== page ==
The Patent Prosecution Highway

The patent prosecution highway (PPH) is a set of initiatives for providing accelerated patent prosecution procedures by sharing information between offices that have entered into an agreement under the PPH. At present, there are a variety of PPH bi-lateral agreements existing between many pairs of intellectual property offices worldwide.

An example of such a bi-lateral agreement is the PPH agreement between the United States Patent and Trademark Office (USPTO) and the United Kingdom Intellectual Property Office (UKIPO) where an applicant who receives a ruling from either office that at least one claim in an application is allowable may request that the other office fast track the examination of claims of similar scope in the corresponding application.

Global Patent Prosecution Highway

A pilot for a Global Patent Prosecution Highway (G-PPH) was launched on Friday 10 January 2014 with an agreement between 17 intellectual property offices. The pilot G-PPH works on the same basis as the existing bi-lateral agreements but rather than accelerating prosecution of a corresponding pending application in just one office allows applicants who have had a set of claims found allowable by one participating office to ask that co-pending applications in as many as 16 other participating offices be accelerated.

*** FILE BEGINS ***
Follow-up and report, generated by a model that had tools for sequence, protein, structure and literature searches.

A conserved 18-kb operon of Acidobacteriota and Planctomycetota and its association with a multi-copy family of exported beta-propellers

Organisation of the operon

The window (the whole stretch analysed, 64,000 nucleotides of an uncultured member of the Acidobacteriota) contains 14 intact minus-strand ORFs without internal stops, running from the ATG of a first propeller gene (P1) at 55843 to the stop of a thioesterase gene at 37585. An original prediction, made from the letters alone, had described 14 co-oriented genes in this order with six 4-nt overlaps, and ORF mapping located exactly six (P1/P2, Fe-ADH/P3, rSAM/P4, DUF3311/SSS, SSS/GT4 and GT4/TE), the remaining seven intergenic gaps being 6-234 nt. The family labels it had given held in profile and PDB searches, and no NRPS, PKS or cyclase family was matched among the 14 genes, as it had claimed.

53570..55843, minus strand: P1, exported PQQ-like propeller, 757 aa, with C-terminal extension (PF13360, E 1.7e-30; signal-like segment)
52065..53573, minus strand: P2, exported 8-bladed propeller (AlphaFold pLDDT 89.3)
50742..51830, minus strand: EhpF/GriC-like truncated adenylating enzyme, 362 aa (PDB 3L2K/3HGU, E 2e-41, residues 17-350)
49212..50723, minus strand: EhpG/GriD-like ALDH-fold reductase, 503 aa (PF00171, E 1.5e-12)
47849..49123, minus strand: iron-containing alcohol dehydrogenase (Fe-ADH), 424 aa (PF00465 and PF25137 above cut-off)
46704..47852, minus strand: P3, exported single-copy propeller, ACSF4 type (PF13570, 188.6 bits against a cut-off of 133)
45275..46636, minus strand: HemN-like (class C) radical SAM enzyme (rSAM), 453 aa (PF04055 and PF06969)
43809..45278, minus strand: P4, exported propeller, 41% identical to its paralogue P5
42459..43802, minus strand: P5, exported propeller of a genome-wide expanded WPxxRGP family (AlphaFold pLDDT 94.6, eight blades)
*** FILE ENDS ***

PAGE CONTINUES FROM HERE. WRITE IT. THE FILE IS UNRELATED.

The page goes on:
The 17 offices that are within the agreement include the patent offices of Australia, Canada, Denmark, Finland, Hungary, Iceland, Israel, Japan, South Korea, Norway, Portugal, Russia, Spain, Sweden, United Kingdom and the USA. The other office is the Nordic Patent Institute (NPI) which acts as an international searching authority (ISA) and international preliminary examining authority (IPEA) for PCT applications filed at the patent offices of Denmark, Iceland, Norway and Sweden.

Comment

The pilot G-PPH is aimed at cutting the time and cost of seeking patent protection in key global markets.

The pilot G-PPH means that if, say, a set of claims is found allowable on a Canadian patent application by the Canadian patent office, that can be used to accelerate prosecution of a corresponding patent application in Norway as both the Canadian patent office and the Norwegian patent office are part of the pilot G-PPH.

Very often, territories in which patent protection is sought are chosen on a cost basis based on, for example, the activities of competitors. Other territories may be discounted as the patent protection that may be on offer in those territories does not justify the cost that would be necessary to secure protection in those territories as well. The G-PPH, offering accelerated prosecution provided set of claims is found to be allowable in a first territory party to the G-PPH, can reduce the cost of pursuing patent protection in the sixteen other territories by hopefully reducing duplication of the work involved and also reduce the time taken to pursue patent protection in the other territories.

Dr Julian M Potter and Alistair McKinnon, WP Thompson

 

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